• Photograph: Rayon Richards

    Arbit eschews predictability in his work, and his new series of paintings will be no exception. “I’m going to do bugs next,” he says of the canvas hanging over his worktable, which can fold up to create more floor space. “I try to do something diametrically opposed to the previous series, and then I just keep doing it until I get bored.” And after bugs? “Cars. I like cars.”

  • Photograph: Rayon Richards

    Before founding Williamsburg Fashion Weekend, Arbit had already cofounded an art gallery and produced rock concerts. He is also a DJ with an extensive record collection, part of which lives under the stairs. “I have a knack for feeling the room. I’m not one of those DJs that plays the same genre the entire night, or who’s like, ‘I have to educate the crowd.’ I’ll play Olivia Newton-John next to Gang of Four—I like to challenge people a little bit, surprise them. But still, my job is to keep people drinking and keep people dancing, so you can’t go super ballistic.”

  • Photograph: Rayon Richards

    Arbit’s previous apartment was an illegally converted loft in Bushwick, which meant that he didn’t have a kitchen or a bathtub, which made life complicated for the avid cook and devout bath-taker. His current space, which boasts both, feels like a luxury—but he’s still adjusting to the $2,200-per-month price tag. “Apparently that’s undermarket. To me, it’s the most absurd thing. It’s the most I’ve ever paid in rent.”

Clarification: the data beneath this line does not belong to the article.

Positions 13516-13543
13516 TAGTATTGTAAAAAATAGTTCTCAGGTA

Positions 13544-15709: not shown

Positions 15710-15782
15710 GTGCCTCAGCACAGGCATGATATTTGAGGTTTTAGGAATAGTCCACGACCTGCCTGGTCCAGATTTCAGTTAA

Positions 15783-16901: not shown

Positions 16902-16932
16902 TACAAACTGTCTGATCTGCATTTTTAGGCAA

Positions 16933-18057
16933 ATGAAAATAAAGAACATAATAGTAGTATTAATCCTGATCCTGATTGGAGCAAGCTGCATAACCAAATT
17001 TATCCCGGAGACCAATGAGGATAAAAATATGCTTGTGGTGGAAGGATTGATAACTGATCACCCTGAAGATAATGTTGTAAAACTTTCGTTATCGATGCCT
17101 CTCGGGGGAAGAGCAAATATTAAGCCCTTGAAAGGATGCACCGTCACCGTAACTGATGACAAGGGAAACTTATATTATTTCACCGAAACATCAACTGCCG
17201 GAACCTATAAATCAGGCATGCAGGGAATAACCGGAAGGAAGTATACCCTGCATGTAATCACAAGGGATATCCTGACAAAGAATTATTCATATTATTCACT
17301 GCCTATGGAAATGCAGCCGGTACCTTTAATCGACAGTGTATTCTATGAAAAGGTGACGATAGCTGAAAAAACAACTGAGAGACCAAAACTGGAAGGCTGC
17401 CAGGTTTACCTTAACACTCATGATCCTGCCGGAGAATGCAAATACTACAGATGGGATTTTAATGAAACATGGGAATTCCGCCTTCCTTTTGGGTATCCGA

Photograph: Rayon Richards

Arthur Arbit’s loft, one of the first legal conversions in Williamsburg, was once split down the middle into two skinny rectangular spaces—an unfortunate footprint cobbled together to accommodate roommates who hated one another. A tailor, artist and fashion designer, Arbit demolished the interior walls to create a seamless blend of living and studio space when he moved in 2.5 years ago. He also took advantage of the 16-foot ceilings, adding a second-floor bedroom and storage space. “I’m 6’4” and I can stand up in my bedroom,” he says. “This building is amazing.”